Can Lululemon Get Out of the Downward Doghouse?

When you make a mistake (we all do) don’t pass the blame. Accept responsibility or customer engagement will quickly turn into customer enragement.
Contributing Writer, SmallBizTrends.com
March 27, 2013

If you think you’ve heard everything there is to hear about the Lululemon yoga pants scandal, there’s a new twist (pardon the pun) to the saga. In case you need some catching up: the upscale yoga clothing manufacturer suffered a customer service snafu when yoginis discovered that a particular shipment of its flagship product, black yoga pants, turned sheer when you put them on.

Instead of making it easy to return the defective pants, the New York Post reported that some Lululemon employees were making customers put on the pants, and then bend over to “pass inspection” to make sure the pants were sheer enough to warrant a return. After the article ran in the Post, Lululemon said all pants bought after March 1—when the defective shipment was received—can be returned, no questions asked.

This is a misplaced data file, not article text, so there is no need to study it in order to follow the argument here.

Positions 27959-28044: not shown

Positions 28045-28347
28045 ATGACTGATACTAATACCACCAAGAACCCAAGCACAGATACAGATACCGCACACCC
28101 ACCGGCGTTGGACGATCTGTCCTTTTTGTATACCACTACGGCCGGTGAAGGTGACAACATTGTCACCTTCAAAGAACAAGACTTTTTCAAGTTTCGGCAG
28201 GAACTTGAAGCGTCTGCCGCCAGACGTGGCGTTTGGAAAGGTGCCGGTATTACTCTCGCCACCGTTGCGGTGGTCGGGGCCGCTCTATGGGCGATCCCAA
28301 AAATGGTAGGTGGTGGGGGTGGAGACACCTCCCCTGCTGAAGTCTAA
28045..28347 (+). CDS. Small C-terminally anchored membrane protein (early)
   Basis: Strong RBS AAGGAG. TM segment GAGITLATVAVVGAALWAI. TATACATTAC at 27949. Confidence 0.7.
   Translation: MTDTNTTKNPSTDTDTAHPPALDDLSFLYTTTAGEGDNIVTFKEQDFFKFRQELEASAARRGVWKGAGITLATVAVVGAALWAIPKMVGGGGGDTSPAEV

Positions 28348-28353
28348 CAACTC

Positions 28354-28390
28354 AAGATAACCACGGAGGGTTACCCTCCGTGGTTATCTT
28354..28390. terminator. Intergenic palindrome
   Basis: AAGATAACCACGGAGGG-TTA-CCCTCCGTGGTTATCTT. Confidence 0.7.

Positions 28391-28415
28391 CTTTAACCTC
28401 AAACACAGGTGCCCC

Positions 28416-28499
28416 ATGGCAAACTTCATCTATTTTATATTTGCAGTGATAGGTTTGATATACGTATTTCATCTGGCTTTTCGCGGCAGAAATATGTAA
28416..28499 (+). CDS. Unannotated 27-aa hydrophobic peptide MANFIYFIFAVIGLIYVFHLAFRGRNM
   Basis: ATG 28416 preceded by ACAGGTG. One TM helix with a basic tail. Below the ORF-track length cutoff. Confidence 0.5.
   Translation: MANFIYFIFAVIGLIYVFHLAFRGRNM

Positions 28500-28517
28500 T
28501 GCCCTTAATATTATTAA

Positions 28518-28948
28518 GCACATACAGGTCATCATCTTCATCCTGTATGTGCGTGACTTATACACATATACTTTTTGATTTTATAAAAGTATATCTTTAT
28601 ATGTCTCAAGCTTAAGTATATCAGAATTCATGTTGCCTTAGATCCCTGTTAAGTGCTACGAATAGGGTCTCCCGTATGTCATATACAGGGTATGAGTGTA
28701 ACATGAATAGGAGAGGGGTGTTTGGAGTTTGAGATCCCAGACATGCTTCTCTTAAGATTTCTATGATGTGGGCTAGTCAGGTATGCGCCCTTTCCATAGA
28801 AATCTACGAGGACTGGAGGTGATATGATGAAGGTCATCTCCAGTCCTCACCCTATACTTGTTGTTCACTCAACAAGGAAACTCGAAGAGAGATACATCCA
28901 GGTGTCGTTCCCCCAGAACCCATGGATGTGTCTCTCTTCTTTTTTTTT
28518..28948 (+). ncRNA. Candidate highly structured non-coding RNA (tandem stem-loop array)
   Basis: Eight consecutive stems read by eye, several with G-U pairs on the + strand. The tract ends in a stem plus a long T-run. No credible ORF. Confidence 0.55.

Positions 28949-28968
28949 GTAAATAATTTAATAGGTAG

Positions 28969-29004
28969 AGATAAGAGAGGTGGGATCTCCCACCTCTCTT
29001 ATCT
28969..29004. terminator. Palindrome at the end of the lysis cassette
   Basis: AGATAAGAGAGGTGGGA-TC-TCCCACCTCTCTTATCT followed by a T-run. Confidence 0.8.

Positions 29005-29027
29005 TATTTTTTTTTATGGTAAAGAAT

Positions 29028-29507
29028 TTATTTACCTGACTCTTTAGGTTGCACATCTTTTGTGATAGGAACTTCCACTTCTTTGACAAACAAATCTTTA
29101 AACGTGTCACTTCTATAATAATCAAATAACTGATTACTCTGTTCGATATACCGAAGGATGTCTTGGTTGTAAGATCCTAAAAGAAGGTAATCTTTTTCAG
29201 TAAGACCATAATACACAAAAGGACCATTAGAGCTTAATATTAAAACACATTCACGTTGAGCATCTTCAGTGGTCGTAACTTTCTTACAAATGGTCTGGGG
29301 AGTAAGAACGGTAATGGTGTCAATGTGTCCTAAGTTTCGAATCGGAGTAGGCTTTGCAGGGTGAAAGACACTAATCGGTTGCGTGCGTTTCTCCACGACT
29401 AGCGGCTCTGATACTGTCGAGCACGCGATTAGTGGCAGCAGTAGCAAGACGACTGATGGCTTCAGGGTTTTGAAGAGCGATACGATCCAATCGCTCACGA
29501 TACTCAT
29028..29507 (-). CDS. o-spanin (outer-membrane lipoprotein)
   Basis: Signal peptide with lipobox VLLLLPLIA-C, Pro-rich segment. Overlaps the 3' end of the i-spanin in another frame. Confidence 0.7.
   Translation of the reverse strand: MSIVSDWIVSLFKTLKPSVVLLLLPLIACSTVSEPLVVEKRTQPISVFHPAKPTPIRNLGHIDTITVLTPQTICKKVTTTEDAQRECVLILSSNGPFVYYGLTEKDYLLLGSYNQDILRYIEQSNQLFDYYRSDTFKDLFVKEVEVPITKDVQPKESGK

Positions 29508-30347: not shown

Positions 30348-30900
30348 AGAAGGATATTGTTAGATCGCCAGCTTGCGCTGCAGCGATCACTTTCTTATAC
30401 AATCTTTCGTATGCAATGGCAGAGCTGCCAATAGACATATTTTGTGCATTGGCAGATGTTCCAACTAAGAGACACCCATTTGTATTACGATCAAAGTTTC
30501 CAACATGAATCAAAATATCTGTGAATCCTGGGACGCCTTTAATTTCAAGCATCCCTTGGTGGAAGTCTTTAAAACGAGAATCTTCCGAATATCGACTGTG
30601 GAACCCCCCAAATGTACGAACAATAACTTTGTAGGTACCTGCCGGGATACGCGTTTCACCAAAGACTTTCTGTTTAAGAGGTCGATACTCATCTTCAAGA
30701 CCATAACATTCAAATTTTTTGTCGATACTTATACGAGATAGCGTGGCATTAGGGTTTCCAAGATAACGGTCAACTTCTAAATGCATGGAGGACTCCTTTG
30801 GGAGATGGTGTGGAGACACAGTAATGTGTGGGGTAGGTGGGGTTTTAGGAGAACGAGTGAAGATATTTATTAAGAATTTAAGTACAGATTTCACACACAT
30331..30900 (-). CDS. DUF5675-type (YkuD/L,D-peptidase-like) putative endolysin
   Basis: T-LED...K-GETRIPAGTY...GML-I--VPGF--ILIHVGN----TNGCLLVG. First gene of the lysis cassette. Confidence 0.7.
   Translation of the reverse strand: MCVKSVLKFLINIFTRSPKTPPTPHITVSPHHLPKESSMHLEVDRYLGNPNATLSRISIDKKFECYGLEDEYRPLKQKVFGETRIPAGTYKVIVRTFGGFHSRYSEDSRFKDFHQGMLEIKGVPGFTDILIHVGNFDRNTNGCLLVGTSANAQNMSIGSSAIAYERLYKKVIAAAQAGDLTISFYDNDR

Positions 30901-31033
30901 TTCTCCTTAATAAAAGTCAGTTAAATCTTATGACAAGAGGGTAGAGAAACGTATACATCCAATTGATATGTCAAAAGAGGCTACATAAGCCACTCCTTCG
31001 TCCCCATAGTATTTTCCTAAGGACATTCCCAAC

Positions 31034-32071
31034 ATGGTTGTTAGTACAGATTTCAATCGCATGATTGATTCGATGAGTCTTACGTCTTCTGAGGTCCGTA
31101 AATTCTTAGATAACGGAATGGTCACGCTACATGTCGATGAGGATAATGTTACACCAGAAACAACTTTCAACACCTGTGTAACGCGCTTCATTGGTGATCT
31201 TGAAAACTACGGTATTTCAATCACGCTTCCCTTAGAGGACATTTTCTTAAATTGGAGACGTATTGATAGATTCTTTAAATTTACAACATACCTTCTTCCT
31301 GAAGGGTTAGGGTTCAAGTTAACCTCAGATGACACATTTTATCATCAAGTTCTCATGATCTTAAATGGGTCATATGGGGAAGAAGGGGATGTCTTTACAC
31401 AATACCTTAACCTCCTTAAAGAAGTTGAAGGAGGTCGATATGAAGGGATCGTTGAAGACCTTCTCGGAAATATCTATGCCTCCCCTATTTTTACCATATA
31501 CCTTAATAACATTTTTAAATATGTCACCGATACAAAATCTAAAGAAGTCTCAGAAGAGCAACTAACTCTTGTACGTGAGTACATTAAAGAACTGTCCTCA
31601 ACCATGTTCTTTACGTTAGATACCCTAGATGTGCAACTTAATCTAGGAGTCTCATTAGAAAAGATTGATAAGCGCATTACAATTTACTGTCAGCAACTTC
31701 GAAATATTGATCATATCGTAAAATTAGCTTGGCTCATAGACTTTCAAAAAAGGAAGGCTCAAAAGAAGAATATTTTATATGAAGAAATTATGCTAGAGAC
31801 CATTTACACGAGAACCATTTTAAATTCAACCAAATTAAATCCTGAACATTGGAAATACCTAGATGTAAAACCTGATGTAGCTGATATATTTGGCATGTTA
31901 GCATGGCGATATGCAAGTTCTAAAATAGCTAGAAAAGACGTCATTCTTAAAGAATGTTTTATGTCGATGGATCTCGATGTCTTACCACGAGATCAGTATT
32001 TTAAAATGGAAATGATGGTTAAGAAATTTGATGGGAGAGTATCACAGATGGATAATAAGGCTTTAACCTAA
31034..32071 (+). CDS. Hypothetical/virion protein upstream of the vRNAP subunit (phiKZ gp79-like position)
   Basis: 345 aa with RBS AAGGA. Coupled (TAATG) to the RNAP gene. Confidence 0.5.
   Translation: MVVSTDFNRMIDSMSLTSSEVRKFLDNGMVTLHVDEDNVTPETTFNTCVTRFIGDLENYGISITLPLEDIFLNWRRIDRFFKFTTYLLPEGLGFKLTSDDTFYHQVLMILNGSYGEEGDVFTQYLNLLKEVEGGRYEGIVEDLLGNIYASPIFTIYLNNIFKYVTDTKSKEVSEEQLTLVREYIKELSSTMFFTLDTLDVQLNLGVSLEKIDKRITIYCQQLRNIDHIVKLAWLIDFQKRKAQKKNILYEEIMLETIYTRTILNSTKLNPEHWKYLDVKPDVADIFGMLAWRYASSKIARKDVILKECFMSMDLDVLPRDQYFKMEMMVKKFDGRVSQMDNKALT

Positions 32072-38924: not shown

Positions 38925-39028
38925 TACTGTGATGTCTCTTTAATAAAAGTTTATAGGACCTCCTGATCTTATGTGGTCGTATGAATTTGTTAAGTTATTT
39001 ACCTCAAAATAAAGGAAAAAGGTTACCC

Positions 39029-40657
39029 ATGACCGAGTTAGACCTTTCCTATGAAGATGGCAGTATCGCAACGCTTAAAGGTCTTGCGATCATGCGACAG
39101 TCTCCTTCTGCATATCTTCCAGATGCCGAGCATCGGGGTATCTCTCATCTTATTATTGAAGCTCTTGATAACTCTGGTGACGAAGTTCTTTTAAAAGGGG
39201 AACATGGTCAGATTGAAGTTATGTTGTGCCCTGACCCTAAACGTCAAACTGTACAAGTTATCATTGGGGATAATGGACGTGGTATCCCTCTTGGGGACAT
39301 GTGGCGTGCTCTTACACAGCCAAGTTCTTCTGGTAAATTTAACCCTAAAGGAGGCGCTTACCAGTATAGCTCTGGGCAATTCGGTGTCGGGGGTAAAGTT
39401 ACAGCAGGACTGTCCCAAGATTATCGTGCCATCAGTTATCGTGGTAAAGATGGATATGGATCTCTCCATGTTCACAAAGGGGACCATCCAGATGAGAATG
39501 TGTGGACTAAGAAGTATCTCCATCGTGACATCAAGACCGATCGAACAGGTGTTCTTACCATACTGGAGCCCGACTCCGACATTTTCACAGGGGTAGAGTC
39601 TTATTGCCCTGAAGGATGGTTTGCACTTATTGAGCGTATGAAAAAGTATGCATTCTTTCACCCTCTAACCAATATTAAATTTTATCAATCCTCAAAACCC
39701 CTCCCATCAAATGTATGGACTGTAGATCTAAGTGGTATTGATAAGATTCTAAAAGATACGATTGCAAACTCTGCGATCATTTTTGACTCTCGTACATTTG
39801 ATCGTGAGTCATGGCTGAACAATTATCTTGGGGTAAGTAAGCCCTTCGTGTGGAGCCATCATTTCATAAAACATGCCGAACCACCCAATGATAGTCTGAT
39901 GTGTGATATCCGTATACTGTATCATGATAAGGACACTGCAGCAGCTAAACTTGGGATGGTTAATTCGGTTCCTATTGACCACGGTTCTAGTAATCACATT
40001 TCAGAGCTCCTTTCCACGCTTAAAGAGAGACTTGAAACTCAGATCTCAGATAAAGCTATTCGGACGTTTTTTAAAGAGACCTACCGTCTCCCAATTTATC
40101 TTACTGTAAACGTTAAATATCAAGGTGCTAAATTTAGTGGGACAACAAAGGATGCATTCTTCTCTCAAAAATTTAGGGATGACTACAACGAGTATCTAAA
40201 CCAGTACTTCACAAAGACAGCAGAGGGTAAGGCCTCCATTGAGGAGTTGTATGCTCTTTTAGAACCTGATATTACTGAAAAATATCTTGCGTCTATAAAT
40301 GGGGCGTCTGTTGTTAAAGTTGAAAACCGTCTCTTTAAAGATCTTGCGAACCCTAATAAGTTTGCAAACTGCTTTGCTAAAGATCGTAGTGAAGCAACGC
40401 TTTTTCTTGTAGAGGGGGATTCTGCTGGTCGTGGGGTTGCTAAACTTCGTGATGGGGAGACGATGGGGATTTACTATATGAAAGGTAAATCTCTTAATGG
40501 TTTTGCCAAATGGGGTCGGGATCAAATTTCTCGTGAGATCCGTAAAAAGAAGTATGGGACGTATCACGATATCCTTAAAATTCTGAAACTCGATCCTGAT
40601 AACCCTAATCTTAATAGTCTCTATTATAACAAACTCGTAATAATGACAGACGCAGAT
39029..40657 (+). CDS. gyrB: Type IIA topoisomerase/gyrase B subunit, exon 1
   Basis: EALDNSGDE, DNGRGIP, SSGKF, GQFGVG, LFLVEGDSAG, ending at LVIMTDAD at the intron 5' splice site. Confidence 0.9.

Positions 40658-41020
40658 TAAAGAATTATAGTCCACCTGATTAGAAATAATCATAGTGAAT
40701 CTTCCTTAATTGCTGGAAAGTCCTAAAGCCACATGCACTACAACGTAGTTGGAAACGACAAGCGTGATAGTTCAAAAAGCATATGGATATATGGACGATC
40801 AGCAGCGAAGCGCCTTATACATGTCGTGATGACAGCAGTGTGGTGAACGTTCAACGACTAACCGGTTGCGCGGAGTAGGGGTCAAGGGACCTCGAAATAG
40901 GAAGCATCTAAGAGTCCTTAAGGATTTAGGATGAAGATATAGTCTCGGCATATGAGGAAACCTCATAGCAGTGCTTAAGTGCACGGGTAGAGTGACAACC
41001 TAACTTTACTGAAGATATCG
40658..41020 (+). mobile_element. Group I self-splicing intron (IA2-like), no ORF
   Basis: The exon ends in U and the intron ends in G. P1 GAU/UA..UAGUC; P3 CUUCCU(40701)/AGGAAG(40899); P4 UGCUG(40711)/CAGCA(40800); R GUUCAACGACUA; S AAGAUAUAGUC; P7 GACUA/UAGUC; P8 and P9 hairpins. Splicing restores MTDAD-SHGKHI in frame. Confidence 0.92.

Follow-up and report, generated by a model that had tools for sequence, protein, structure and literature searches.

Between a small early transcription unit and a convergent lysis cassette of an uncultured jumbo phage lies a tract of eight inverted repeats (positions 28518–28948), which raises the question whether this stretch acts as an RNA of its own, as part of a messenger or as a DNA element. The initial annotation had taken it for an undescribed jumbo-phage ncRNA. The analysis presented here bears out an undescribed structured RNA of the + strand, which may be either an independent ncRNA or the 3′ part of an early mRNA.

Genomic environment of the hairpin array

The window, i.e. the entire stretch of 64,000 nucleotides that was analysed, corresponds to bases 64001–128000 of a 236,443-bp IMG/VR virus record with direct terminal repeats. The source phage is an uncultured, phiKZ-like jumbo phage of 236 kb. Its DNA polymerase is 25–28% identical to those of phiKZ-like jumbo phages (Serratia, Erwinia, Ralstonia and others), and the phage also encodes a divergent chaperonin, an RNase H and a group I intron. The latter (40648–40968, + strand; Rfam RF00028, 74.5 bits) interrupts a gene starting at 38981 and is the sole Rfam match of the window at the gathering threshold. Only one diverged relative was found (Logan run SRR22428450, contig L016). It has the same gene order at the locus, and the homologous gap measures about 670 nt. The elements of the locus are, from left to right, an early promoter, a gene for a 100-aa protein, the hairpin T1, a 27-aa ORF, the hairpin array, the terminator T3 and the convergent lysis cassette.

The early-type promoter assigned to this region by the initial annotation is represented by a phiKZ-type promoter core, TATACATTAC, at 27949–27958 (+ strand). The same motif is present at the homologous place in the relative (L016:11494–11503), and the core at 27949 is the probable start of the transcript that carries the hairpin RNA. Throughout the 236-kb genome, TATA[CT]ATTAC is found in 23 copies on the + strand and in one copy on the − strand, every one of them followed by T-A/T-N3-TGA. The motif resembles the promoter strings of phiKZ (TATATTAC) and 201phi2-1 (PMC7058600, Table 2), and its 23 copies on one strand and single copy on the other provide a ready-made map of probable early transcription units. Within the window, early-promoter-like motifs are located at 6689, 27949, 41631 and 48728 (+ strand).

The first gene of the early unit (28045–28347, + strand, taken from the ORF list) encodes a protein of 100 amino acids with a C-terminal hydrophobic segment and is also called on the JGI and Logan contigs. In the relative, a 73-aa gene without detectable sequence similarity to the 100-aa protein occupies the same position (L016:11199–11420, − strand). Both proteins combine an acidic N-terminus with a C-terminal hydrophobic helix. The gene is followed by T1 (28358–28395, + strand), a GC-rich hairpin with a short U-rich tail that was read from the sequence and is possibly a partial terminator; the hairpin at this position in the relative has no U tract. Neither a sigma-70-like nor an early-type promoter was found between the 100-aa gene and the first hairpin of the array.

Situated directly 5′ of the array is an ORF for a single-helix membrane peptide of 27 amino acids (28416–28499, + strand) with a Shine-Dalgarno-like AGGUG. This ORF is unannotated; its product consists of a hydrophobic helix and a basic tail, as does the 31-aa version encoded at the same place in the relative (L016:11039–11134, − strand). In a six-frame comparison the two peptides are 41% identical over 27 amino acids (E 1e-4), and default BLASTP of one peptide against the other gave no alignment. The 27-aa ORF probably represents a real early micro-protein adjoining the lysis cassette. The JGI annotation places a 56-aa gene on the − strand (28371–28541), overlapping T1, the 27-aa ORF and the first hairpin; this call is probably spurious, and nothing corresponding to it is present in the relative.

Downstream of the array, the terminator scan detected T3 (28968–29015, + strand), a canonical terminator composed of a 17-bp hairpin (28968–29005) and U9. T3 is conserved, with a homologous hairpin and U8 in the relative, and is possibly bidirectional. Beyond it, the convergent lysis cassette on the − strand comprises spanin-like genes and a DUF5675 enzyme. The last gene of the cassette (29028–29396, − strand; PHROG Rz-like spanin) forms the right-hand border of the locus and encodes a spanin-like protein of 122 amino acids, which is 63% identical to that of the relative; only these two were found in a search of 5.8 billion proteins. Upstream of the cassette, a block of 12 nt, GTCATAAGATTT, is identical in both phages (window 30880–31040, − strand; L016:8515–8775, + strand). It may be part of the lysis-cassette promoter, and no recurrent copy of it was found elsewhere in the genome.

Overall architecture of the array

Meanwhile, Lululemon blamed a supplier for making pants that didn’t meet its standards—but the supplier is fighting back, telling The Wall Street Journal that the pants did indeed meet Lululemon’s quality control standards.

What’s the lesson here? When you’re charging $98 for a product that sells for $9 elsewhere, quality is everything. If your product quality isn’t up to snuff—for whatever reason—your customer service quality has to make up for it. In other words, don’t blame the supplier, or the customer. Accept the responsibility—and the returns. 

[UpStart Business Journal]

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